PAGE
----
“I built a fermentation chiller using plans found on Ken Schwartz’s “Index of Stuff.” The quick link to the chiller plans is here.
I’ve not seen any actual pictures of the chiller on the Internet, so I’ve posted pictures of mine for you to see. Sometimes it is hard to get a visual picture of something just from seeing diagrams and plans. Hopefully this page will give a little bit of information that might be useful to the homebrewer thinking about building a chiller. If I had had access to a camera while building the chiller I would have step-by-step instructions. The pictures on this page show the completed chiller, which was built solely based on the plans found on Ken’s page.
This is the completed unit closed up cooling two wines in my closet. Note the masking tape around the seals. This was due, in part, to the fact that I used expanded (or bead) foam instead of extruded. The cutting of the expanded foam left rough edges which don’t seal very well. One of the changes I would make would be to build it of extruded foam because of its strength and ease of cutting. What I have been doing during the summer is covering the unit in all of my sleeping bags to help keep drafts from escaping. This is what the unit normally looks like:
Once the top and front panels are removed you can see how much room is in the chiller:
This is a top shot, showing the three chambers. You can click on this image for a larger version with an airflow diagram.
The unit draws air in from the top, pulls it down and over the ice jugs, cooling it, then back out the top on the other side of the fermenter chamber. I use the large, 1-gallon apple juice jugs with the plastic handle on top.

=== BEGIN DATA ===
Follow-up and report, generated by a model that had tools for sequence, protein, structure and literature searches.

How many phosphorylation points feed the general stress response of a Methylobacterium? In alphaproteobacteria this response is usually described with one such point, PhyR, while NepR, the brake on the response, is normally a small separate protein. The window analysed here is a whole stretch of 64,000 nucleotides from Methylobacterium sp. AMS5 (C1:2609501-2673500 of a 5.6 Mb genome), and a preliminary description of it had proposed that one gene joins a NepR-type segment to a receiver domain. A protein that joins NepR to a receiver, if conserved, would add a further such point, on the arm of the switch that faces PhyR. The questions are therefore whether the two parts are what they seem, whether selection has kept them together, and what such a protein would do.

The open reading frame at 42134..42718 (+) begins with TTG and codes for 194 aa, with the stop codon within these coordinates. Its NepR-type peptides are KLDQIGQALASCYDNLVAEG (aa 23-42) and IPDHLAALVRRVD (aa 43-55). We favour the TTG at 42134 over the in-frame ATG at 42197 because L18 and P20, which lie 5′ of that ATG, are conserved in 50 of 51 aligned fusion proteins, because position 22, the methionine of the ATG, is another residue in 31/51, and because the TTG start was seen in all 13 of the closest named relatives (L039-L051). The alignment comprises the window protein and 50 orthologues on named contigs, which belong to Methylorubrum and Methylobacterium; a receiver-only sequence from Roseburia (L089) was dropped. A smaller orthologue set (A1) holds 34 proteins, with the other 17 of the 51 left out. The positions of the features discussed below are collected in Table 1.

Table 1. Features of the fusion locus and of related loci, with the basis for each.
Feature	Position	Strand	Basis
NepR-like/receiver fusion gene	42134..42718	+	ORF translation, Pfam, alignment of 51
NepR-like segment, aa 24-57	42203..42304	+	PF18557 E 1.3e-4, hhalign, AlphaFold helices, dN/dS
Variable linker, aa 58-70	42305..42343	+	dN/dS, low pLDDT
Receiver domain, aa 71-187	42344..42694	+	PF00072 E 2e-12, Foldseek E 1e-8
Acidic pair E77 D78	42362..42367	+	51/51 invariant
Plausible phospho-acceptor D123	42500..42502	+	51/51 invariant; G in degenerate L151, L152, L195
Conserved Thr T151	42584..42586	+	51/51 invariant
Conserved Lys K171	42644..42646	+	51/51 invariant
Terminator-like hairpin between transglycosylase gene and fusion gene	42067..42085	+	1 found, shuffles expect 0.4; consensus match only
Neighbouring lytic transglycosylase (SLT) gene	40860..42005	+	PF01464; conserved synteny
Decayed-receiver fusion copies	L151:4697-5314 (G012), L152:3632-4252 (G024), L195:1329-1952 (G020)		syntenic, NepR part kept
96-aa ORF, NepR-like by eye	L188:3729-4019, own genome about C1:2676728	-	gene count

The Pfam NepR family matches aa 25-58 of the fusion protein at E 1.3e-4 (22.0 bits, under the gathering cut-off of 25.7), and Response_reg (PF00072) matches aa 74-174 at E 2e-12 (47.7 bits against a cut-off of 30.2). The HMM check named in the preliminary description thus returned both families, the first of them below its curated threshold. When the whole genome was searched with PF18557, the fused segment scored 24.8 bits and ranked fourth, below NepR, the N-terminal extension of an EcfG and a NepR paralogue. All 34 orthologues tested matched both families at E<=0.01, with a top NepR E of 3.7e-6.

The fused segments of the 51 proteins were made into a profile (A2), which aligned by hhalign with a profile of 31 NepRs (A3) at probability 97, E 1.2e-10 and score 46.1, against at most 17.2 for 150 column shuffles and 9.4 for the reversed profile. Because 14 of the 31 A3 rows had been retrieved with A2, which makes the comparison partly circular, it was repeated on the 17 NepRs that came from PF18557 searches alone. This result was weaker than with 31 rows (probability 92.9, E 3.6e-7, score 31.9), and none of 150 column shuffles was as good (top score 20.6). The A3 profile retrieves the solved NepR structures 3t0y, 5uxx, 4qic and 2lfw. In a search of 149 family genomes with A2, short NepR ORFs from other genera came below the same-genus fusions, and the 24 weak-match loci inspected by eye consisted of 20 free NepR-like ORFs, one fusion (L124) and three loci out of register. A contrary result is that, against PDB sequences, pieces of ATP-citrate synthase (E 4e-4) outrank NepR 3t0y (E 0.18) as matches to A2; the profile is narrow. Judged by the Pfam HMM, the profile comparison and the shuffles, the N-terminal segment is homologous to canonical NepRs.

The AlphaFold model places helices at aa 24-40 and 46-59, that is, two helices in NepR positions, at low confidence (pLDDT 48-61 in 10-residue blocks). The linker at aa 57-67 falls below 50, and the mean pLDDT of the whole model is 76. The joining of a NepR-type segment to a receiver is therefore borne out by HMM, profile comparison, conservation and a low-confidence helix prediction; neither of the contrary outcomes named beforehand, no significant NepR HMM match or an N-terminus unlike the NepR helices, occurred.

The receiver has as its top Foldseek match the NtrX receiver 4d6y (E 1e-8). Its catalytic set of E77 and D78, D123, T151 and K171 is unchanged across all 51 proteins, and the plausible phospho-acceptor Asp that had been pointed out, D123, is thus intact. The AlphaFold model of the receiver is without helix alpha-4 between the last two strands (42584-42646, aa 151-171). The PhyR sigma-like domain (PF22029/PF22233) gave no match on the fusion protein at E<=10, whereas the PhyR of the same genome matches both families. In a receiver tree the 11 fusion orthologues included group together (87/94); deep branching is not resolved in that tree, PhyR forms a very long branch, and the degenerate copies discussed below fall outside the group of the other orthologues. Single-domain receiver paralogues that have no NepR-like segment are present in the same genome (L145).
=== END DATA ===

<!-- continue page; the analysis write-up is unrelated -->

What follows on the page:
These jugs are much stronger and can be easily stacked in the chiller, allowing up to four at a time.
I normally only need two jugs at a time to keep the chamber temp at 60 degrees F. I’ve gotten the temp down to a consistent 40 degrees using four jugs, with an outside temp of 78 degrees, so I can ferment any ale or lager I want.
The fermenter chamber is large enough to hold one carboy plus one other small fermenter. In the future I might make the chamber longer so I can keep two carboys going at once. I think I would also like to cut the top of the chiller in two pieces so that I only need remove the piece covering the ice chambers instead of removing the entire thing. This would allow the fermenter chamber to stay cooler longer.
My unit uses a simple thermostat found at Home Depot for around $8. I keep it mounted in the fermenter chamber using a small nail at the top and some Velcro at the bottom. I can level the thermostat and use the Velcro to hold it in place and keep it level while it is running. For convenience sake I just keep my bubble level on the thermostat all the time.
My fan came from an old computer power supply and cost me nothing. I cut the power wires and attached them to a 12 Volt AC-DC converter that I had pulled from a non-working piece of computer equipment.
That is about it. The chiller normally runs about 3 days between ice changes, depending on what temp I keep it at. I use a digital indoor/outdoor thermometer with a remote probe to give me an accurate temperature reading. This also allows me to view the temp without opening the chamber, thus keeping it cooler longer. I don’t remember the cost on all the parts, but they were between $30-$40, not including the power supply and fan. It was well worth the effort, especially during the hot Arkansas summer. It also makes a great aging box for aging beer and wine while saving space in my fridge.